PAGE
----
In general, baiting rodent burrows can be done relatively easily, quickly, and inexpensively – and it is a hugely effective method of rodent control. But because burrow baiting appears so easy, the procedure can also lead to some problems if the appropriate precautions are overlooked. There is much more to correctly baiting rat burrows than stuffing a packet or pouring meal bait down a rat hole and then caving in the burrow.
The correct baiting & monitoring of rat burrows is important for three reasons: 1) to maximize safety to people and non-target wildlife; 2) to maximize the eradication of the rats living within the burrows; and 3) to allow for accurate follow-up and monitoring of the burrow system long term, which in turn provides a guideline for timely follow-up treatments.
From a safety aspect, it must be kept in mind that people walk dogs; inquisitive children play in parks, yards, and empty lots; and millions enjoy watching city urban wildlife such as possums, bandicoots and birds of all kinds. All of these animals inhabit parks as well as the smallest yards and gardens. Incorrectly baited burrows can potentially harm all of these non-target groups and the environment. Finally, from an operational standpoint, incorrect baiting does not allow for the necessary monitoring post-baiting in order to determine whether or not the burrow is still active, and results in a waste of time and money, and an unnecessary introduction of pesticide in the environment.
The following is a best practices procedure for safely and correctly baiting rat burrows to achieve maximal effect.
Technically, each of the rodenticide formulations (pellets, packets, blocks, meals, seeds) can provide good rat control. But certain bait formulations are better suited for burrow baiting efforts and non-target safety than others. In general, rodents have more of a tendency to translocate (i.e., carry away and move the bait) a bait back out of their burrow if the bait is large in size and easily movable.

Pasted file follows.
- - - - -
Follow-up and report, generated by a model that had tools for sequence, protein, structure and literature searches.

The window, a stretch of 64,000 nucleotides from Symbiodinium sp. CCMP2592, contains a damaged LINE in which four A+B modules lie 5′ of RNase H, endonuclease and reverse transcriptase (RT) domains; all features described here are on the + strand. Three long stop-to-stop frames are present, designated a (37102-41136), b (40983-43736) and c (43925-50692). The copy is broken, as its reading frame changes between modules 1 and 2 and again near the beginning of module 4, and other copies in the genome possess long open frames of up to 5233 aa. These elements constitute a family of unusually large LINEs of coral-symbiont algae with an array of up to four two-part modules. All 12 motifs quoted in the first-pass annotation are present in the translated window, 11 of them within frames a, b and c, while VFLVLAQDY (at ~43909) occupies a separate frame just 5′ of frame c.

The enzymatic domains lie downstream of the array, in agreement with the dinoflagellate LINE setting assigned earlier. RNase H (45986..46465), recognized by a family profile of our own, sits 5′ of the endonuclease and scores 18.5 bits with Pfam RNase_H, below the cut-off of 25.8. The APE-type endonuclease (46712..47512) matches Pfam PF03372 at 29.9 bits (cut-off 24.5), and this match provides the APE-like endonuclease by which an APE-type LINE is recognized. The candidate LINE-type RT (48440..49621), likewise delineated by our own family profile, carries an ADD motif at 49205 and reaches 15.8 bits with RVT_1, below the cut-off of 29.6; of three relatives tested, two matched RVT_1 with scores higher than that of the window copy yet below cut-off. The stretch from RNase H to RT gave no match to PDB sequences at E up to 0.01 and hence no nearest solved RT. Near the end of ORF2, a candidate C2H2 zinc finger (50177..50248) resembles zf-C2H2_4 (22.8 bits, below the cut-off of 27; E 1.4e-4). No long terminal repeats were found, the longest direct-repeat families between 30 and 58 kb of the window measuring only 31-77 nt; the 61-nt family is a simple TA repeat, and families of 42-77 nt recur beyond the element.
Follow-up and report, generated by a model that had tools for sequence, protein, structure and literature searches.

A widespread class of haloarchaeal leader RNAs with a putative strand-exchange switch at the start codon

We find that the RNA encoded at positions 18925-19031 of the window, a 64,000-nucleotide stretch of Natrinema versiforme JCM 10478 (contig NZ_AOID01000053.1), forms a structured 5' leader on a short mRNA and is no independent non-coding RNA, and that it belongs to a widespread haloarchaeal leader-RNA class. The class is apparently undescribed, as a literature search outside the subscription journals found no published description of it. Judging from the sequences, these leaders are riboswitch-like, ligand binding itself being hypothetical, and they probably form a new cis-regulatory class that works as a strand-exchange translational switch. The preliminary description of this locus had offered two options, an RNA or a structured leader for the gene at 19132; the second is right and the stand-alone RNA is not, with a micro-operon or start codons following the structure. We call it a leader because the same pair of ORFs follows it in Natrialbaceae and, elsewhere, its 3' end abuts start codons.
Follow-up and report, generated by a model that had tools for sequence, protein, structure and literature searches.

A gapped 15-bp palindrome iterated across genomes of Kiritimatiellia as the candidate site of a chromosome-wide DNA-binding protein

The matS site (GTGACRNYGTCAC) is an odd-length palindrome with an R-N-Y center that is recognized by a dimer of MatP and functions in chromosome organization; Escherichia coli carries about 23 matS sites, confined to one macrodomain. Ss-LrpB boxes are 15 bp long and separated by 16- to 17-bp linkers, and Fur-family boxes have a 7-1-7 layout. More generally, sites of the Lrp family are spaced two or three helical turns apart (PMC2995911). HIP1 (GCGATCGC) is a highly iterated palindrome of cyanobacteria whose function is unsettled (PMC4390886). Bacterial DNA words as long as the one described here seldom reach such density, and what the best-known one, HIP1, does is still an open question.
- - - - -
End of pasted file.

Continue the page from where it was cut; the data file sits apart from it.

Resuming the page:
Importantly, packet-style baits and whole bait blocks can be easily moved, carried, or pushed about by rats. Bulk loose pelletssuch as Ditrac offer both small size, and good “weatherability.” Some professionals crumble their bait blocks into smaller sizes, and then pour these into burrows, which can, with some effort, achieve the same goal as using the pellets.
Considering the dampness of the ground associated with burrows, some believe that the packet-style baits and “waxy” blocks offer the best resistance to weather and moisture. But loose pellets when inserted correctly into a burrow are likely to be consumed by rats long before they would be subject to deterioration from the ground moisture found within an active burrow.
Applying bait to burrows
The key to successful burrow baiting is to deliver the bait with as little disturbance to the rat’s home as possible. This is because both Norway and Roof rats are sensitive to changes in their environments. Often they react towards changes by avoiding or rejecting new items that are associated with any disturbances to their daily routine.
Thus, perhaps the most effective way to bait a rat’s burrow is to mimic Mother Nature. In the rat’s natural life in fields and open areas the wind blows seeds, berries, nuts and other edible items across the ground. These items tend to roll into and down the burrows. Thus, carefully placed bait pellets inserted directly down into a rat’s burrow system are rarely translocated out of the burrow compared to packets or big bait blocks.
The following steps are recommended:
1. Burrows should be baited with pellets using a long-handled (about 1m) scoop applicator or via a hose-and-funnel technique.
2. For the hose and funnel technique, a plastic funnel can be attached to a 1m. section of any type of plastic flex hose, or garden hose (18mm to 25mm diameter to allow for good pellet flow). This technique allows for a quick pour and ensure good penetration of the bait into the burrow. The hose and funnel technique also helps to save on the physical exertion of constantly bending over when many burrows need to be treated.